• Driving through green hills in the dead of night, dotted with the red lights of dormant wind turbines, will lull you into a strange state in which you are entirely certain you’ve slipped through a dimensional rift and fallen into some strange Lovecraftian world where those lights are the lidless eyes of drowsing, dreamless gods, their slow-breathing shoulders humping in black silhouettes against a starless sky, the trees naught but strange follicles bristling from their hoary hides.
  • If you stare at the moving wind turbines long enough, their blades become the pointed and aerodynamic legs of disembodied android women joined at a single tapering waist, spread on uncanny display, forming and breaking pairs over and over again with each turn and asking, as you stare between their gaping, rotating thighs, why their chests and hearts and heads and brains have been cut away to meld them into this nightmare of metal and purposeless voyeurism without autonomy or will.
  • Have I mentioned that hours and hours of monotonous highway will take my brain to some completely fucked places?
  • Seriously, fuck Montana.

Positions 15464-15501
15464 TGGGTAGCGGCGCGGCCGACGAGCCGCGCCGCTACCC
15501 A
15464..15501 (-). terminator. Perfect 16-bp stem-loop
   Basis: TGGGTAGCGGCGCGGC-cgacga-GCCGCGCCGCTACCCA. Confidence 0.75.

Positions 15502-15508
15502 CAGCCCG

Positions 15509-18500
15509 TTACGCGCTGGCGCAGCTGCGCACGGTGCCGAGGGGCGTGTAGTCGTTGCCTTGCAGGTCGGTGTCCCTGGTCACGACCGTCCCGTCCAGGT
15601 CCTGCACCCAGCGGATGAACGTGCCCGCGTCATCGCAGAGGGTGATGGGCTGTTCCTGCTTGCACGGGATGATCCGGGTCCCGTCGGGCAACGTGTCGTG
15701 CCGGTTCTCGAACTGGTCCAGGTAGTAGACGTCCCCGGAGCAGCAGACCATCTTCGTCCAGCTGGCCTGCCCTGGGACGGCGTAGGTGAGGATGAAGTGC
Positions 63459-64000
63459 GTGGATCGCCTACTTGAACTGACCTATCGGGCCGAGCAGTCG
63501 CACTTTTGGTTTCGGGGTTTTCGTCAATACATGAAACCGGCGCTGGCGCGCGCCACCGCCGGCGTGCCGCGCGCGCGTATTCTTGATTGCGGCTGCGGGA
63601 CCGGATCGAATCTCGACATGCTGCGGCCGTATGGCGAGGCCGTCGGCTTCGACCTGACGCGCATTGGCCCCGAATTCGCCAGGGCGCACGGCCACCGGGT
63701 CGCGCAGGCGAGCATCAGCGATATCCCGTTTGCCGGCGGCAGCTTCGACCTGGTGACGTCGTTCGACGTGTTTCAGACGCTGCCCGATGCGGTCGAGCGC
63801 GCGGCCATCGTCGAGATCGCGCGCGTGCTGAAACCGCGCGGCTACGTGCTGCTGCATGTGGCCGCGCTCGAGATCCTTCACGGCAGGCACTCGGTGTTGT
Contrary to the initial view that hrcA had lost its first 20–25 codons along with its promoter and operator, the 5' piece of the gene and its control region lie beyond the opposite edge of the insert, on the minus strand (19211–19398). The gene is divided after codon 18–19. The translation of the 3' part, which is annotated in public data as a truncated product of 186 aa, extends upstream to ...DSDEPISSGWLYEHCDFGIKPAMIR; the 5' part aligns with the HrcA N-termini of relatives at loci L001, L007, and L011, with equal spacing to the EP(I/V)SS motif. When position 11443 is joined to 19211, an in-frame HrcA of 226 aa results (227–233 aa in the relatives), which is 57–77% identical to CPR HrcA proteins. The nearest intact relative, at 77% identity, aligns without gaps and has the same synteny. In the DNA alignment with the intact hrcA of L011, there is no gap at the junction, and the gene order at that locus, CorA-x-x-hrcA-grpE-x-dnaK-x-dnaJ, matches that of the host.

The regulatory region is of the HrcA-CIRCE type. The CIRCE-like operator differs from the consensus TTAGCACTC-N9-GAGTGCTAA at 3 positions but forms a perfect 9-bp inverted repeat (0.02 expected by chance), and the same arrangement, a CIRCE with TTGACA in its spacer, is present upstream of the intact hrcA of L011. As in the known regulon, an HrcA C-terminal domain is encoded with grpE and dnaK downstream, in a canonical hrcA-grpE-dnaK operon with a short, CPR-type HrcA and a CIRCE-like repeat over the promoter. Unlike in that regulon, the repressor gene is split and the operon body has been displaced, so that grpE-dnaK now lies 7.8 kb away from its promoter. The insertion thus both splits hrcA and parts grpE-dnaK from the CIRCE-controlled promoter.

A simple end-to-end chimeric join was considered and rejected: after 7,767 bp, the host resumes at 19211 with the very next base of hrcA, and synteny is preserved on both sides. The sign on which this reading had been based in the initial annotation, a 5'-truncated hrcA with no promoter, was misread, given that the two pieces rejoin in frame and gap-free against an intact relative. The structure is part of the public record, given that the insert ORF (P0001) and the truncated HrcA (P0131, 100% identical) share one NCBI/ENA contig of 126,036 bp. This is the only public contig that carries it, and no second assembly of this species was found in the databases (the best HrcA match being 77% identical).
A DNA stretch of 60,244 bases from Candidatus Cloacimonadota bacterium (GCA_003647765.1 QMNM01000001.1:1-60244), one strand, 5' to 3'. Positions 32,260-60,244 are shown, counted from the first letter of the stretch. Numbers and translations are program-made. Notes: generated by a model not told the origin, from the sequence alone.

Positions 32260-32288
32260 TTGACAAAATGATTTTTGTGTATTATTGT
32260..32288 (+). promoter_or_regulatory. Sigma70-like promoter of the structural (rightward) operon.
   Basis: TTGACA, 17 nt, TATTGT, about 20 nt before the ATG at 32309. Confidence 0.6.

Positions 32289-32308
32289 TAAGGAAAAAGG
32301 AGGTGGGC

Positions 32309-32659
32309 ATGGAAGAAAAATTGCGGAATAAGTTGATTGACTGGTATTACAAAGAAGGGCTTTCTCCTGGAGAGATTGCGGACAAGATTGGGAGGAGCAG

The highlight of the trip came at the very end, though. It was a working trip for me; I just took work with me and tapped away on my laptop when it was L’s turn to drive. On the home stretch, just over the Washington border, I had to do a client call at midnight. (He was in France, so it was actually a reasonable hour for him.) So we pulled off onto a little exit to do the call so my signal wouldn’t be cutting in and out as we moved. We parked. Cut the engine and headlights. Everything went pitch black. No highway lights, not even reflectors. No other cars. Just dead, smothering blackness, the moon vanished behind the accusing spears of the treetops, the sky lightless and cold, the silence thick with something trembling that felt like unvoiced screams. We stared at each other in the dark, nothing visible but a faint reflection off the whites of our eyes, the whisper-glow of the dash, and the otherworldly blue light coming from my laptop charger’s power indicator.